Sailing the Forgotten Coast:The Outside Passage BC
This is an article from WaveLength Magazine, available in print in North America and globally on the web
by Rick Hudson
Veteran adventure traveler Rick Hudson finds undiscovered gems, right here at home. Getting away from the madding crowd is becoming more difficult, and a lot more expensive
View from the deck of the Porpoise.
The inland rivers of Borneo were interesting, and it's nice to be able to mention over the dinner table that you saw real skulls hanging from the longhouse rafters, but the septic sores took 8 months to heal. The trip over the Patagonian icecap was breathtakingly beautiful, but the smell of boiled mutton now makes you gag every time you're served lamb. The trek across the Manaslu Pass on the Tibetan border was memorable for many things, but the long-term effects of frostbite mean it's now extremely painful to perform even the simplest tasks involving fingers, such as changing the film in your camera.
And then of course, there are people-everywhere, in the most unlikely locations. A computer programmer from Illinois half way up the Grepon in Chamonix, France, an Aussie truck driver from Perth paddling the upper Zambezi River in Zimbabwe, and worst of all, a little old lady (definitely well into her 70's) from Chicago, sleeping in a self-built igloo on Devon Island in the Arctic.
It's getting tougher and tougher to be on the Yuppie cutting edge. Further more, what's a person to do when the mind is willing, but the body is definitely getting weak? Put another way, couldn't we have just a little more travel, and rather less adventure, next time?
Fast forward to the summer of 1998. I am sitting in a kayak, watching the sun rise over forest-draped peaks. The fiord is like glass, so calm that I can hear the breathing blasts of a dolphin several miles away. On either side of the kayak, spruce-covered islands stand in their own reflections, so perfect that I'm unsure where reality stops and image begins. An eagle screams its high, piping call from some giant tree that has stood here since... well, time immemorial. Fog rolls very slowly up the outer sound, brilliantly white in the first rays of the sun.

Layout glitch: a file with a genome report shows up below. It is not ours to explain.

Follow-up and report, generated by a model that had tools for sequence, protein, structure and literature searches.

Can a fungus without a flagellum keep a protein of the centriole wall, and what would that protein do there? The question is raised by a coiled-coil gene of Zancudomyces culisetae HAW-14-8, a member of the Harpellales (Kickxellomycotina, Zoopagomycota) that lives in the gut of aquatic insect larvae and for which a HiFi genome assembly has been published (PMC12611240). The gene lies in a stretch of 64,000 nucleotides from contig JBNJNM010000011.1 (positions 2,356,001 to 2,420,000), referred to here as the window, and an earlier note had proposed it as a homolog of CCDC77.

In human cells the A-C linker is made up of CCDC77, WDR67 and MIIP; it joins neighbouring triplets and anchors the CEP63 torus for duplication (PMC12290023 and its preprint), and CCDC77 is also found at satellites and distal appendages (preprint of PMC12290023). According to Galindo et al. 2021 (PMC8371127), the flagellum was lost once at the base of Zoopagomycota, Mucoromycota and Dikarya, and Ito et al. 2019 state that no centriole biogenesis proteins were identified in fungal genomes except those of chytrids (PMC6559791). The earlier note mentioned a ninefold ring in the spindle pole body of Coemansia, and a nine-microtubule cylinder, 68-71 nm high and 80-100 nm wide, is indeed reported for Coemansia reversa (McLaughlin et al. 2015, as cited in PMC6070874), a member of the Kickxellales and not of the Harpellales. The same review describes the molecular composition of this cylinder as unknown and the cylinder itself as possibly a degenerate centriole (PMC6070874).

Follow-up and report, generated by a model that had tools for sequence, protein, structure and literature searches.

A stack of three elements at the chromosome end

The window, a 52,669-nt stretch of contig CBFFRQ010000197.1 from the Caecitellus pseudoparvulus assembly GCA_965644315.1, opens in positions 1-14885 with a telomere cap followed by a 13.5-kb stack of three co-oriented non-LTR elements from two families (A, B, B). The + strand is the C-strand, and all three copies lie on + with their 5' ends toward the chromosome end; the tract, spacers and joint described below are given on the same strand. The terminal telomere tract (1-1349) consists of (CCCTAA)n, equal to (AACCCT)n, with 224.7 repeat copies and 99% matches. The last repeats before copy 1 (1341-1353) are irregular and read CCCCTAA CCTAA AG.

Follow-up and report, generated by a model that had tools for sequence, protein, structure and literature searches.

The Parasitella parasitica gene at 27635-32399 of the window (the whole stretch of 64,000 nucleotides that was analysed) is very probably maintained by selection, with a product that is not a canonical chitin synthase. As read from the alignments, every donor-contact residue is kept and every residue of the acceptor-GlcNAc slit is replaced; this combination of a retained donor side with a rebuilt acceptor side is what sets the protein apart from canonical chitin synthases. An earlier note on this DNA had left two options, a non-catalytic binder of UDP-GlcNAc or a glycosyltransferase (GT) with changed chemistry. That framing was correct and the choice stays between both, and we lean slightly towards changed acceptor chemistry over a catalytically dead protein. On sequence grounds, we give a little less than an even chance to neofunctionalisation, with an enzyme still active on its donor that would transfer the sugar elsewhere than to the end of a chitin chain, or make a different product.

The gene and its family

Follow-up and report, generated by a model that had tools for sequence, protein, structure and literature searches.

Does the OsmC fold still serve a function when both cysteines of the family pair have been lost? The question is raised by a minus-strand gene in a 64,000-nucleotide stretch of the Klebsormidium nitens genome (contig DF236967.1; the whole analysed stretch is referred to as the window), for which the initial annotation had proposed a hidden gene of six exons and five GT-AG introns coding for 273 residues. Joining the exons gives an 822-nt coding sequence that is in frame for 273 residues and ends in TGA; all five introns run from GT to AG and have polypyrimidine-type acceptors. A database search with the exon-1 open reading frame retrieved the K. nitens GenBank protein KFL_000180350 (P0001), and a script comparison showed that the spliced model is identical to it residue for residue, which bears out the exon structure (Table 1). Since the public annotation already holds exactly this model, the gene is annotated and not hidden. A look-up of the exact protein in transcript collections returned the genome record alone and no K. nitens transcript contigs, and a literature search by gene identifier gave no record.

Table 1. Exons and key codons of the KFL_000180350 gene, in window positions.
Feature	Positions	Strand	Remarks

Where am I? This is not some remote corner of the planet. This is a day's sail south of Prince Rupert, BC, on the Outside Passage. The Inside Passage is fairly well known. It's a remarkable string of long, thin fiords that cut through the high peaks of BC's Coast Mountains, paralleling the Pacific Ocean. Cruise ships ply its sheltered waters almost hourly. Throngs of tourists eat splendid meals, gaze at panoramic wilderness through large picture windows, and finish up at Glacier Bay, where they videotape great chunks of ice calving off frozen walls.
The Outside Passage is something else. Information about it is scarce, human habitation almost non-existent. The mountains that surround the Inside Passage have dwindled by the time they reach the outer coast. Gentle hills allow the sun to penetrate from early morning till late in the evening. Where the Inside Passage is like a clean knife cut, the Outside Passage is a maze of archipelagoes and crenellated shorelines, a place that begs to be explored by sea kayak.
Here begins the Yuppie dilemma. I only have a week's leave. There are no airports on the outer coast. Floatplanes can't be relied upon to get a group of kayakers in and out at pre-arranged times, due to fog and other weather factors. And besides, I want a hot shower, a good meal, and a warm bunk at night. I'm over 50, and I think I deserve that, after sleeping in ditches in Tanzania and holes in the ground in Argentina.